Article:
C45.00010: Optimizing Quantum Adiabatic Algorithm Hongye Hu, Biao Wu In quantum adiabatic algorithm, as the adiabatic parameter $s(t)$ changes slowly from zero to one with finite rate, a transition to excited states inevitably occurs and this induces an intrinsic computational error. We show that this computational error depends not only on the total computation time $T$ but also on the time derivatives of the adiabatic parameter $s(t)$ at the beginning and the end of evolution. Previous work (Phys. Rev. A 82, 052305) also suggested this result. With six typical paths, we systematically demonstrate how to optimally design an adiabatic path to reduce the computational errors. Our method has a clear physical picture and also explains the pattern of computational error. In this paper we focus on quantum adiabatic search algorithm although our results are general. [Preview Abstract] 
Monday, March 14, 2016 4:54PM  5:06PM 
C45.00011: Learning quantum annealing Elizabeth Behrman, James Steck We propose and develop a new quantum algorithm, whereby a quantum system can learn to anneal to a desired ground state. We demonstrate successful learning of entanglement for a twoqubit system, then bootstrap to larger systems. We also show that the method is robust to noise and decoherence. [Preview Abstract] 
Monday, March 14, 2016 5:06PM  5:18PM 
C45.00012: Josephson Circuits as Vector Quantum Spins Gabriel Samach, Andrew J. Kerman While superconducting circuits based on Josephson junction technology can be engineered to represent spins in the quantum transversefield Ising model, no circuit architecture to date has succeeded in emulating the vector quantum spin models of interest for nextgeneration quantum annealers and quantum simulators. Here, we present novel Josephson circuits which may provide these capabilities. We discuss our rigorous quantummechanical simulations of these circuits, as well as the larger architectures they may enable. This research was funded by the Office of the Director of National Intelligence (ODNI) and the Intelligence Advanced Research Projects Activity (IARPA) under Air Force Contract No. FA872105C0002. The views and conclusions contained herein are those of the authors and should not be interpreted as necessarily representing the official policies or endorsements, either expressed or implied, of ODNI, IARPA, or the US Government. [Preview Abstract] 
Monday, March 14, 2016 5:18PM  5:30PM 
C45.00013: Distortion of a reduced equilibrium density matrix Iris Schwenk, Michael Marthaler We study a system coupled to external degrees of freedom, called bath, where we assume that the total system, consisting of system and bath is in equilibrium. An expansion in the coupling between system and bath leads to a general form of the reduced density matrix of the system as a function of the bath selfenergy. The coupling to the bath results in a renormalization of the energies of the system and in a change of the eigenbasis. We study the influence of bosonic degrees of freedom on the state of a six qubit system similar to the eight qubit unit cell of a quantum annealing processor examined by Lanting et al.\footnote{T. Lanting et al., Phys. Rev. X 4, 021041 (2014).}. [Preview Abstract]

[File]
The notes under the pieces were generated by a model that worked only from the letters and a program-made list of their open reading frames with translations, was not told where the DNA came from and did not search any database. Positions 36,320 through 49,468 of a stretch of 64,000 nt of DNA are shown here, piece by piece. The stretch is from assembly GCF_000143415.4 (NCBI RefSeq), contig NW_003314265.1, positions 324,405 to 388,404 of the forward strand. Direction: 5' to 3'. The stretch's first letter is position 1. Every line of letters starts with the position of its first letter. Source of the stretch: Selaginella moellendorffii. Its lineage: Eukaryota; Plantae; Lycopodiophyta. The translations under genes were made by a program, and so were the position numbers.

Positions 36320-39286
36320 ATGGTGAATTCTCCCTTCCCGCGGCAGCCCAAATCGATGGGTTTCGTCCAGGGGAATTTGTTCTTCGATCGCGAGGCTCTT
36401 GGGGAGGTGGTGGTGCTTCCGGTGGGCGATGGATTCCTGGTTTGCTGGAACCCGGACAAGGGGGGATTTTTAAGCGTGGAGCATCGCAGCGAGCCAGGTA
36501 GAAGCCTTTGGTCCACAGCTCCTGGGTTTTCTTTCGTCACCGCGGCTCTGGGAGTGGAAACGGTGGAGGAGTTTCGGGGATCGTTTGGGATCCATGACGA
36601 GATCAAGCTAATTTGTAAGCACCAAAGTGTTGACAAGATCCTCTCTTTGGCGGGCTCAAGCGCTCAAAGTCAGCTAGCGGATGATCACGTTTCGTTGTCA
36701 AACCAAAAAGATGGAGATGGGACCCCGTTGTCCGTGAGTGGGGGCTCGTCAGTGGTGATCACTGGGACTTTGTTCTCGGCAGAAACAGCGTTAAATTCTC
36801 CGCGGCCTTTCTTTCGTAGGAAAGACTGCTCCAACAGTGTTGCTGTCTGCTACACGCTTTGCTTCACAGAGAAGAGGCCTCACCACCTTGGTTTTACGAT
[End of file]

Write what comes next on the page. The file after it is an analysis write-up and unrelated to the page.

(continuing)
Monday, March 14, 2016 5:30PM  5:42PM 
C45.00014: Quantum annealing via quantum diffusion mediated by environment vadim Smelyanskiy, Davide Venturelli, Alejandro PerdomoOrtiz, Sergei Knysh, Mark Dykman We show that quantum diffusion near the quantum critical point can provide an efficient mechanism of opensystem quantum annealing. The analysis refers to an Ising spin chain in a slowly decreasing transverse field coupled to bosonic heat bath. The diffusion facilitates recombination of collective (multispin) excitations in the chain. It sharply slows down as the system moves away from the quantum critical region, leading to significant spatial fluctuations even in the absence of disorder. The excitation density reached by then nonmonotonically depends on the annealing rate. We find that obtaining an approximate solution via diffusionmediated quantum annealing can be faster than via classical Glauber dynamics or the closedsystem KibbleZurek mechanism. We study the scaling of the excitation density with the temperature and coupling constant to environment. [Preview Abstract]